As Lush partners with growers, manages its own supply chain, creates its own products, and everything in between – Lush is able to be involved in every step allowing more room for improvement for sustainability and can ensure customers are getting 100 percent of what they are told about Lush’s sustainability initiatives.

Future Sustainability Goals

Lush on Queen Street West (Image: Dustin Fuhs)

“We are driven to leave the world lusher in all areas that our business touches, and we are working faster and harder than ever to stay within our planetary boundaries. This includes taking direct action where we have operational oversight – such as in our manufacturing facilities, distribution centers and shops, and finding the leverage points for influencing our upstream and downstream impact.”

Looking upstream, Lush is currently looking at ways to strengthen its partnerships to include carbon reduction and sequestration opportunities. Shum and Ongie said 80 percent of Lush’s carbon footprint is within its supply chain of growing and processing ingredients and only have partnerships where the company shares the same set of values where sustainability comes first.

Lush will also be looking at evolving product formulas to continue to use self-preserving ingredients that can be used without packaging. Currently, Lush’s shampoo bars avoid three plastic bottles each and around 2.8 million plastic bottles per year.

“Thanks to our innovators, naked options exist in nearly every Lush product category today. This innovation is being noticed as in November 2022, Lush received a sustainability award for our new naked mascara. As happy as we were for the recognition, it was the exposure and industry acceptance of this new low-impact product that fills us with excitement. Since naked is a Lush core value, we can expect to see further innovation in this space.”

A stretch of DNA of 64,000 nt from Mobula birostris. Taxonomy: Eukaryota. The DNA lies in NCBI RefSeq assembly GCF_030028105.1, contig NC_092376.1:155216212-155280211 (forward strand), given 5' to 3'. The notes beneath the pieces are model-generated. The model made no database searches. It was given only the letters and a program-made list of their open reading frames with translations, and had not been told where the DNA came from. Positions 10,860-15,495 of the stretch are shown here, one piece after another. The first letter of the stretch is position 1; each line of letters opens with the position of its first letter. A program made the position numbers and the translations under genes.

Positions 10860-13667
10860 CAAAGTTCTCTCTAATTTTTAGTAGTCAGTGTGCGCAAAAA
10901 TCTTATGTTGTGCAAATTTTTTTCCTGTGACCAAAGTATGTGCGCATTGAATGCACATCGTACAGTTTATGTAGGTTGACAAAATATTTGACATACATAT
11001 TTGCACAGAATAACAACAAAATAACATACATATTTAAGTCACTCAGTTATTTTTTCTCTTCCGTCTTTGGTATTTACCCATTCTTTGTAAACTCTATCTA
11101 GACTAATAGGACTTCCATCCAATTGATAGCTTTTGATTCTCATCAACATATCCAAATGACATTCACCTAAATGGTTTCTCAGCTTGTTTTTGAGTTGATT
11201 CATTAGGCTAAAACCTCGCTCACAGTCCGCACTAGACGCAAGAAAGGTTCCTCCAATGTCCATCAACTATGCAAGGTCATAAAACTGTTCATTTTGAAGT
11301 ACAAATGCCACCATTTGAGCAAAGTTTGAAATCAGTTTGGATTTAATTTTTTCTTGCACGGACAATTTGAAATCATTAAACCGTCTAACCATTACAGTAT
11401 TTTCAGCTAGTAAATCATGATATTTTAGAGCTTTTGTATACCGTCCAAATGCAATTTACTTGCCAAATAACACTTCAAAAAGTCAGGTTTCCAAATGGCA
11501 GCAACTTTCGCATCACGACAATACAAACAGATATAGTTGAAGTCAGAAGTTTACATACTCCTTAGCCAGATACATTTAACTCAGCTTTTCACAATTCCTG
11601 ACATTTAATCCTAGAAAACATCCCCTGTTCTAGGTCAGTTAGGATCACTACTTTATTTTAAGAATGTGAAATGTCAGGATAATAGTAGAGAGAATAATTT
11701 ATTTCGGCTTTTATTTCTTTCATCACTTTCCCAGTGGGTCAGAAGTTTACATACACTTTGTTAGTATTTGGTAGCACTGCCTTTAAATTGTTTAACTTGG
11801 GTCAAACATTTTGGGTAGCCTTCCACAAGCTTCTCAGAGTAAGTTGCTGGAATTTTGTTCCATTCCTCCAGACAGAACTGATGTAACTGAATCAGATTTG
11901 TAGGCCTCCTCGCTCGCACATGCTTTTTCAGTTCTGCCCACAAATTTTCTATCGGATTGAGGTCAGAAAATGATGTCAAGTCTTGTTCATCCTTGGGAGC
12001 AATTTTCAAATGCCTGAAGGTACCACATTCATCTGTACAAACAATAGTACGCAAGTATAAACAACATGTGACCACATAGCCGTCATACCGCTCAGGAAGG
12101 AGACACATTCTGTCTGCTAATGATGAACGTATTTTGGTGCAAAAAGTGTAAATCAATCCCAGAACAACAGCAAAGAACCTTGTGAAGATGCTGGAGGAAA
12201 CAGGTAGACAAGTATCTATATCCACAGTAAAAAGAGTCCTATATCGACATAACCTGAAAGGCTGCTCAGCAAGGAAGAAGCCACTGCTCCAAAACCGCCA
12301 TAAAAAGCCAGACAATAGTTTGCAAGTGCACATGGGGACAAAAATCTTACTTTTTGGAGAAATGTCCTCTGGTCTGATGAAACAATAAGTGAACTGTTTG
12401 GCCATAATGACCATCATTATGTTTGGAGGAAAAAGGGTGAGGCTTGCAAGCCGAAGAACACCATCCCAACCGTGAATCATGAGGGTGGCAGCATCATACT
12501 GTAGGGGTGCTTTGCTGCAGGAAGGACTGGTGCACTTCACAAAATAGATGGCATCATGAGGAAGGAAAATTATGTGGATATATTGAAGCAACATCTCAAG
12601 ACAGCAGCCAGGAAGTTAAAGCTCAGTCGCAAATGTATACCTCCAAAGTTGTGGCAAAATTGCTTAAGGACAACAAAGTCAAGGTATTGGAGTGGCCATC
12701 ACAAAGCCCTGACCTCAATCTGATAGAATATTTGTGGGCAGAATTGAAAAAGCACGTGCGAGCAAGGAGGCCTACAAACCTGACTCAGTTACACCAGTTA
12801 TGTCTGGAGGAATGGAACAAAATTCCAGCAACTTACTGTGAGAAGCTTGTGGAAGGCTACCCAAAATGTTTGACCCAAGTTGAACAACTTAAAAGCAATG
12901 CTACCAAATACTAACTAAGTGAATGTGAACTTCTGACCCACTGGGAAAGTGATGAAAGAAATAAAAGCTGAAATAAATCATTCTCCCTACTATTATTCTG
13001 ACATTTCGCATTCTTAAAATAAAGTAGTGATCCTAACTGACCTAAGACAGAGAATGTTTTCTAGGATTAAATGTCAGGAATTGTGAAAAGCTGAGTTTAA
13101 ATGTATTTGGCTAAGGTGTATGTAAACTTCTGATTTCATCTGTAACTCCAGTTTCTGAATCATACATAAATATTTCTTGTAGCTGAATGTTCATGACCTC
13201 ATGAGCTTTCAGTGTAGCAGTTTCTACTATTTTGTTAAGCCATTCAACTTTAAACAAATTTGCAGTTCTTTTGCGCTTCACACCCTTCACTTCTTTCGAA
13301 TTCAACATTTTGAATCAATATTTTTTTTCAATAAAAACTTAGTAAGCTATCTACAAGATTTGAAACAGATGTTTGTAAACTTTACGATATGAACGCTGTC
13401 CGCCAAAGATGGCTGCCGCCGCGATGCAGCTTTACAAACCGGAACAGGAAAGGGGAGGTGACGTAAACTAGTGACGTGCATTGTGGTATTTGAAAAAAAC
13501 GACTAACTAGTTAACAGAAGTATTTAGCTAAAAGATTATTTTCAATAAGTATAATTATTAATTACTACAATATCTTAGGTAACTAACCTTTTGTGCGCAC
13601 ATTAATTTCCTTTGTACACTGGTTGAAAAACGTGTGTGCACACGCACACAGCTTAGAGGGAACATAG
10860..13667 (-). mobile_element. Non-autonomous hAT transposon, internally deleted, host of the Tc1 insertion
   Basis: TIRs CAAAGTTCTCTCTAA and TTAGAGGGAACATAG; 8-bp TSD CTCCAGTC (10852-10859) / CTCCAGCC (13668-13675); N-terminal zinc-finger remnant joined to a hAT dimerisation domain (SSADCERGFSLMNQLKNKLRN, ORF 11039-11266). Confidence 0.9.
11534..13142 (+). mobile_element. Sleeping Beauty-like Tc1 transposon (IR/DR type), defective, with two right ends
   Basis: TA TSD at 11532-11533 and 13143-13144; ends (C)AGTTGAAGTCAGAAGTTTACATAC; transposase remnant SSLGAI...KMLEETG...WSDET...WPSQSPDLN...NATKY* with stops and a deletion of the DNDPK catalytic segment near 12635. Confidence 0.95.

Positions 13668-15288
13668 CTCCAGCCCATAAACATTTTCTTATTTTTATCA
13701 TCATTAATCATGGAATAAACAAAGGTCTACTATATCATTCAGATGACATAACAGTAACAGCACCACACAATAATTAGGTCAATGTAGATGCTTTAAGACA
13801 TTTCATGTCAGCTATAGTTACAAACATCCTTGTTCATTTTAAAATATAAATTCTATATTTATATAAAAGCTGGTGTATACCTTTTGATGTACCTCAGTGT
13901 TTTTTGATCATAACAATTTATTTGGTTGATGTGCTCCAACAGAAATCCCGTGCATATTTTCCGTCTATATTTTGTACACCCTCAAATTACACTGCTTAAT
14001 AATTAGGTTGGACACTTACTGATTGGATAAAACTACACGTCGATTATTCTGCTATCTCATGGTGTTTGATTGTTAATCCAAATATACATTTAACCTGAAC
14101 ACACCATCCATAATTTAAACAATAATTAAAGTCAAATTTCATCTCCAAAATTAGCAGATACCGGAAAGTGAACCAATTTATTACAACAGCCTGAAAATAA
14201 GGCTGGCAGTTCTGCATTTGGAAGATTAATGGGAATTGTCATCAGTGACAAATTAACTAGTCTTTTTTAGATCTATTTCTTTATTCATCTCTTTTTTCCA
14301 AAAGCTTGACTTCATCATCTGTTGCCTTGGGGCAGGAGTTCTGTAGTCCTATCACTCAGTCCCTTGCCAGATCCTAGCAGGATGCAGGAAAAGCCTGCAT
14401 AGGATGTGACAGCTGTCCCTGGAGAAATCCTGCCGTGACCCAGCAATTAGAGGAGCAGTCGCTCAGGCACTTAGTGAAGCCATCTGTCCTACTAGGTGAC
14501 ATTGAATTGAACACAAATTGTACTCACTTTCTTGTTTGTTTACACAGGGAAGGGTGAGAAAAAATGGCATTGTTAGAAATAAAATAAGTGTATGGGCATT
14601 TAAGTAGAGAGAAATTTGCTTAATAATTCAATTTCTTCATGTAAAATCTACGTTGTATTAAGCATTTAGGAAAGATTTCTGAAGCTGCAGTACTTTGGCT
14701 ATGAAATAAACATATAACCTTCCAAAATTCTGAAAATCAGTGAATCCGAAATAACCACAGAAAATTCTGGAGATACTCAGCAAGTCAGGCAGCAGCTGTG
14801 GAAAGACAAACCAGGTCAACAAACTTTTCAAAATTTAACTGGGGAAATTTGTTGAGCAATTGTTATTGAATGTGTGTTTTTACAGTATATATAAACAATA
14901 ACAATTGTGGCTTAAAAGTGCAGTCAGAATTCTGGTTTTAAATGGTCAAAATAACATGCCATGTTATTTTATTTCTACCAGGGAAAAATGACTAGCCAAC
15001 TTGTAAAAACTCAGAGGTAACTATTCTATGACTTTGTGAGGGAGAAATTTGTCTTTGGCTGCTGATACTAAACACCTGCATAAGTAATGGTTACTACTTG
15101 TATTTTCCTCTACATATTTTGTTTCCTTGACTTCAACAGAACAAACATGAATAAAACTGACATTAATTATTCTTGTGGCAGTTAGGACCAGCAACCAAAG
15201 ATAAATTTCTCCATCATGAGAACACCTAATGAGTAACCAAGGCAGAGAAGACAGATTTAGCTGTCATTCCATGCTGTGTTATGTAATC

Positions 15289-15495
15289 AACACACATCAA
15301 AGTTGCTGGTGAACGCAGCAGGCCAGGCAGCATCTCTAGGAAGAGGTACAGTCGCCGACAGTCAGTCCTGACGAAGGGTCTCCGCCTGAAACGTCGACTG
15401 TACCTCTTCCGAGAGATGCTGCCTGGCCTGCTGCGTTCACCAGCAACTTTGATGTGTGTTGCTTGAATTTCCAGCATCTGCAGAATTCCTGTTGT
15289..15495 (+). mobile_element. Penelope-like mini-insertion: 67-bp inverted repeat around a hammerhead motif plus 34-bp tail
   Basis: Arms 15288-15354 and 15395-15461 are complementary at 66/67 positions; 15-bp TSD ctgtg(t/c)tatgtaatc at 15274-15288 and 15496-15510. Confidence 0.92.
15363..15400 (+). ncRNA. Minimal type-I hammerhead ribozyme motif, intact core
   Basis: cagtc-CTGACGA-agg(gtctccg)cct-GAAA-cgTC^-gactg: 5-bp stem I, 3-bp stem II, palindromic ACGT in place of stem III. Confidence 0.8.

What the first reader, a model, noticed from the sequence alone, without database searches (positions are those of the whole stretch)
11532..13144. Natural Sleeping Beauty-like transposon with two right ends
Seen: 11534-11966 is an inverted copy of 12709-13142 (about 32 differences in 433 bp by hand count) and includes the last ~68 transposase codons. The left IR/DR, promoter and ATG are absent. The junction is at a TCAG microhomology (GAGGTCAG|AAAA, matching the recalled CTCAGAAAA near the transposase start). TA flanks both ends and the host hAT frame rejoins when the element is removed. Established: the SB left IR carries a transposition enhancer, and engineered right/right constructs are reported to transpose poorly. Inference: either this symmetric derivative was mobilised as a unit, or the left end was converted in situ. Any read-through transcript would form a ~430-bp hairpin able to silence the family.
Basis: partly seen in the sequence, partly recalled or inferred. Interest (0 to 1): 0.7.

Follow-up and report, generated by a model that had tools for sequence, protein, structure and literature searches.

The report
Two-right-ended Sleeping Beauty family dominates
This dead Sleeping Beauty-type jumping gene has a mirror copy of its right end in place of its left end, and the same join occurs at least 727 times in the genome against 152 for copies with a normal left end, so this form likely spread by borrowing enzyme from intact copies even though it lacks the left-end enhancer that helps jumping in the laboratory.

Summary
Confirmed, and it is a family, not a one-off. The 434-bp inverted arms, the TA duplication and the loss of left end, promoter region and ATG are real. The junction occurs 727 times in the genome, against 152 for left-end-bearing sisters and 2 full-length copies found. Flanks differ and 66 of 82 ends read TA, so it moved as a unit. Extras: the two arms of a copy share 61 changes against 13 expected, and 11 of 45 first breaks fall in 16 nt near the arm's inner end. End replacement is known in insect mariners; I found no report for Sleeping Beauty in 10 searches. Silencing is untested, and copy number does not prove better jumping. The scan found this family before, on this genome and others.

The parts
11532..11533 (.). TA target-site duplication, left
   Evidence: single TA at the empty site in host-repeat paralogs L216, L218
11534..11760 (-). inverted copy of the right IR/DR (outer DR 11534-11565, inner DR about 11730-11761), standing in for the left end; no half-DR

As Lush continues to evolve with its naked products to eliminate waste and to further its sustainability goals of reducing its carbon footprint, Lush is a company that is known to keep moving forward, to be involved in activism such as animal rights, and to include its customers with every change. The sustainability award, Shum and Ongie said, has pushed Lush to want to try new things as it has challenged the brand to grow more.

“Lush customers know that our brand stands for doing what is right over what is easy. We are not afraid to challenge the status quo and stand up for what we believe in. We are fortunate to have well informed staff and customers who are not afraid to ask us the hard questions, which has continuously challenged us. We believe in the value of innovation and creativity. To be on the leading edge requires us to be nimble, to try new things and to be okay with making mistakes and trying again in order to show our customers, the industry, and others what is possible.”

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Shelby Hautala
Shelby Hautala
Shelby Hautala, based in Toronto, is a new Journalist to Retail Insider. She has experience writing for local newspapers and also internationally for Helsinki Times while she lived in Finland. Shelby holds a Bachelor of Journalism Honours degree from the University of King’s College and a Social Work degree from Dalhousie University in Halifax.